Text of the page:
Surgical biopsies offer the advantage of being able to see all abdominal organs, and the entire length of the intestine can be evaluated. Acquisition of biopsy samples of adequate size and depth to permit detection of submucosal lesions is possible. Biopsies should still be obtained if no lesions are apparent.
Regardless of the method used to obtain intestinal biopsies, patients with PLE can pose anesthetic difficulties due to body cavity effusions and hypoalbuminemia, conditions that may be aggravated with crystalloid fluid therapy during the anesthetic period. Plasma transfusions or administration of human albumin (10 ml/kg of a 5% solution) before anesthesia may increase the albumin level short-term and reduce the chance of developing complications related to fluid support. Caution should be exercised when administering additional doses of plasma or human albumin in the days following the procedure because sensitized patients may be more susceptible to developing allergic transfusion reactions. Administration of colloidal fluids (e.g., hydroxyethyl starch) can also be useful during the anesthetic period for maintaining plasma oncotic pressure and adequate effective circulating volume. Use of colloids has been associated with an increased risk of bleeding due to interaction with von Willebrand factor, but the risk of bleeding in dogs appears to be minimal if smaller dosages (<6 ml/kg) are used.
If an exploratory laparotomy must be performed, it should also be considered that wound healing may be altered and the risk of suture dehiscence increased. Although the topic is controversial, hypoalbuminemia does not seem to impair wound healing after intestinal biopsies. However, intestinal pathology and malnourishment due to a generalized catabolic state may increase the potential for suture dehiscence. Poorly absorbable or nonabsorbable sutures used in conjunction with serosal patch grafting can help prevent dehiscence.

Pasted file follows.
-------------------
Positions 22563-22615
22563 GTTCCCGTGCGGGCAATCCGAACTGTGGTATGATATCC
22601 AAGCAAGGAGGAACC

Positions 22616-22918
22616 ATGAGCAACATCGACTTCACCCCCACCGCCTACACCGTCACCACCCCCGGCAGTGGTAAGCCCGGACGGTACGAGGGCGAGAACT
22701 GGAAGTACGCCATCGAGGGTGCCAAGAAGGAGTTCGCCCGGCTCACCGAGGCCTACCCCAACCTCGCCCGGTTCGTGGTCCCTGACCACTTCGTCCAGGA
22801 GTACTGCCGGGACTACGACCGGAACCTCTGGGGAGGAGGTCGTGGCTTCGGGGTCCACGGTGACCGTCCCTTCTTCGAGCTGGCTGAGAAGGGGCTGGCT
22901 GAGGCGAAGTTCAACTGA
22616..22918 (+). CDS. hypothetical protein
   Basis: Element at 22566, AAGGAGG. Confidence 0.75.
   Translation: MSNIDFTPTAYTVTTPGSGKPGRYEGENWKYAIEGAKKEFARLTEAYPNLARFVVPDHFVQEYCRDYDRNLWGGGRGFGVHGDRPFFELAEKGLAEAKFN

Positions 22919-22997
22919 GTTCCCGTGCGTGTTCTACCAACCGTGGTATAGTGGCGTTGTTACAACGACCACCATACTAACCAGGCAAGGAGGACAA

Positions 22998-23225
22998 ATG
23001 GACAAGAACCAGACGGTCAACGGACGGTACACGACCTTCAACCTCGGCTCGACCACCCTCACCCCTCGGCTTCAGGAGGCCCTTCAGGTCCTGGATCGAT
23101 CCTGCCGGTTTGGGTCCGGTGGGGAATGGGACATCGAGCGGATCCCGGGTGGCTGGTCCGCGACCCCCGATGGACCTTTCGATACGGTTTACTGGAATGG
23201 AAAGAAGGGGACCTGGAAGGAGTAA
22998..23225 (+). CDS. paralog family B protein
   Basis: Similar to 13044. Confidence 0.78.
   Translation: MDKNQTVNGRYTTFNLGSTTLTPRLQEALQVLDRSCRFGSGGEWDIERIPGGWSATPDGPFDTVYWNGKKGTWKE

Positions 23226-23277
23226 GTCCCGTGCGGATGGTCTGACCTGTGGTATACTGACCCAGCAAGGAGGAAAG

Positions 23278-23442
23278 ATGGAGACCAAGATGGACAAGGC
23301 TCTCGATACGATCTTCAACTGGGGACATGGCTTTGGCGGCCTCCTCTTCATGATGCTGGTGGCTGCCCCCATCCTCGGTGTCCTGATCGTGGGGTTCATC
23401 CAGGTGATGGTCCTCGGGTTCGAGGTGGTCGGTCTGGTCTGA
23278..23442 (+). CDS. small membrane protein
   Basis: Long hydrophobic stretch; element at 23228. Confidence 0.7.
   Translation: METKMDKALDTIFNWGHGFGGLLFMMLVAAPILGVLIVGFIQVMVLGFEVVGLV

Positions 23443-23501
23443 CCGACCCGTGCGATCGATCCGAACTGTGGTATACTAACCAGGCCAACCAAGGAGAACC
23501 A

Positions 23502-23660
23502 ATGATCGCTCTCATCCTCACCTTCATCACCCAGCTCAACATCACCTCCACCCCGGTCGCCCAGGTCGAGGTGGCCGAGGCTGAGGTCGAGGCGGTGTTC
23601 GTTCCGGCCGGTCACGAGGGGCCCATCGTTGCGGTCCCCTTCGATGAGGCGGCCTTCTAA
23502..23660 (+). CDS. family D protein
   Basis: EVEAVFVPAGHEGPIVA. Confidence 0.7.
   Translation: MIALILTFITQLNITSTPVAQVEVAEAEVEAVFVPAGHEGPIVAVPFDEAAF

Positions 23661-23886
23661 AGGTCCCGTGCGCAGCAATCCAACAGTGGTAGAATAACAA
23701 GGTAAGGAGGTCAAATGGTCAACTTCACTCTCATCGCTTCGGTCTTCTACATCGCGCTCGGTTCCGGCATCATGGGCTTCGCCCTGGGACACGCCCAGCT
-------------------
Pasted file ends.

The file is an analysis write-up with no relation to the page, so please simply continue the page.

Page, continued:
Treatment of PLE in dogs has three main thrusts: resolution of the underlying disease, when identified, dietary modification, and symptomatic therapy. It is not unusual to implement treatment regimens that address all three aspects simultaneously.
Prednisone at immunosuppressive dosages (2 to 4 mg/kg/day) is commonly used in the initial management of many dogs with lymphocytic/plasmacytic enteritis and intestinal lymphangiectasia. In severe cases or patients that respond poorly to glucocorticoids alone, azathioprine (1 to 2 mg/kg or 50 mg/m2 PO q24–48h) may be added. Cyclosporine has also been of documented benefit in dogs with inflammatory bowel disease.